Expect Departure Clearance Times (EDCT)

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ASPM receives records containing Expect Departure Clearance Times (EDCT) from its daily TFMS data feed provided by the FAA Data Repository. EDCT is the runway release time (“Wheels Off”) assigned to aircraft due to Traffic Management Initiatives (TMIs) that require holding aircraft on the ground at the departure airport. The ASPM calculated EDCT Departure Delay is the additional time the flight was held on the ground past its planned wheels-off departure time, due to the TMI.

When a concern is raised about the traffic situation at a specific airport(s) or sector(s), a conference is held among affected air traffic facilities, the ATCSCC, and the primary system customers to discuss alternatives and modeled scenarios. If the decision is made to implement a TMI requiring aircraft to be held on the ground, EDCTs will be sent to Collaborative Decision Making (CDM) members, airlines, and NAS computers, and an advisory is issued stating that a TMI has been implemented. Aircraft operators are expected to depart within (5) minutes of the EDCT departure time. If an aircraft is late, air traffic controllers are required to call the ATCSCC to get a new EDCT. This could mean additional delay for the aircraft and missed slot opportunities for other aircraft. All major airlines and some large business aviation companies have a connection to the Flight Schedule Monitor (FSM) and receive their EDCTs electronically.

How ASPM Calculates EDCT Delay

Through September 2011, ASPM calculated EDCT Departure Delay as the difference between the Controlled Departure Time (EDCT Off) and the FAA Planned Wheels Off Time. If the FAA Planned Off time is not present in TFMS record, it is estimated as the carrier filed P-time (flight plan gate out time) plus the Unimpeded Taxi Out Time (for that airport, carrier, and hour).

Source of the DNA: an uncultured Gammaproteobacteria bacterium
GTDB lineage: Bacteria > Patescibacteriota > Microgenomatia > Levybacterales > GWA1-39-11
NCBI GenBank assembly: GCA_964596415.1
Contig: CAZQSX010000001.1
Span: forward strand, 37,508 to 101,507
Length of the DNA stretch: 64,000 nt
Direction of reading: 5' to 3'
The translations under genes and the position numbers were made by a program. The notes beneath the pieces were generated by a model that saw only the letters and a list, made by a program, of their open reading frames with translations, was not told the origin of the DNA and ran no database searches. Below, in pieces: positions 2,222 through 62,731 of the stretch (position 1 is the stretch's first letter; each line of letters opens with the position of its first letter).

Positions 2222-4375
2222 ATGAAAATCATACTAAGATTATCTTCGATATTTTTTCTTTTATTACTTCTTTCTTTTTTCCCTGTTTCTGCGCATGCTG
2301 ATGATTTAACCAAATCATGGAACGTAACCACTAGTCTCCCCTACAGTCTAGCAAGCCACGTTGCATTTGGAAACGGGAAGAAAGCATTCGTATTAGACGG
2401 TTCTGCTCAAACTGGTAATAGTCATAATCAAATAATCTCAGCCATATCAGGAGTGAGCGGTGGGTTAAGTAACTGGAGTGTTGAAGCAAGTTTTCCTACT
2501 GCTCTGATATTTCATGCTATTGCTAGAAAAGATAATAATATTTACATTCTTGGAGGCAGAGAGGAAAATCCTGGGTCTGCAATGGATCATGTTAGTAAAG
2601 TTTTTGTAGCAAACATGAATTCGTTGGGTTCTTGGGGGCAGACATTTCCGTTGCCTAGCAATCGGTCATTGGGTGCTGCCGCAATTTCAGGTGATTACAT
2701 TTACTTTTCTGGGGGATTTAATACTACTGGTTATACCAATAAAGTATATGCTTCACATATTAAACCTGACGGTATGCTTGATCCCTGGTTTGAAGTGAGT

Starting October 1, 2011, ASPM changed its EDCT Departure Delay calculation to the lesser of 1) The difference between the EDCT Off Time and the earlier of the FAA Planned Wheels Off and the Scheduled Airport Departure Time (Scheduled Gate Out + Unimpeded Taxi Time); and 2) The difference between the EDCT Off Time and the Flight Plan Airport Departure Time (the carrier filed flight plan time + the Unimpeded Taxi Time). Step 1 provides an upper limit on EDCT Departure Delays and reduces the reliance on the FAA Planned Wheels-Off Time. Step 2 generally results in a smaller EDCT Departure Delay and therefore is applied to the flight records in most cases.

This change was made to compensate for an unexplained shift in the FAA Planned Wheels Off Time, which started in November 2010 and resulted in artificially low EDCT Departure Delay times. The change was applied retroactively to October 2011, but the EDCT Departure Delays from November 2010 through September 2011 remain lower than expected.

The shift in the Planned Wheels Off times occurred at the same time that TFMS implemented a fix to its processing of Field 10. It is suspected that the shift was an unintended consequence of the TFMS processing adjustment; further investigation is ongoing.

How ASPM Summarizes EDCT Measures

ASPM sums EDCT Delay by airport and carrier and can report totals and averages in a variety of ways, as it does with other delays. It also reports this delay for individual flights.

ASPM also calculates the number of early and late EDCT Departures, as well as early and late EDCT Arrivals. This means ASPM tracks the number of Wheels Off prior to EDCT and after EDCT. In addition, ASPM tracks how many flights arrive prior to or after the expected arrival time based on EDCT.

These counts provide valuable information about how well the FAA is able to anticipate the duration of delays and what flights were affected.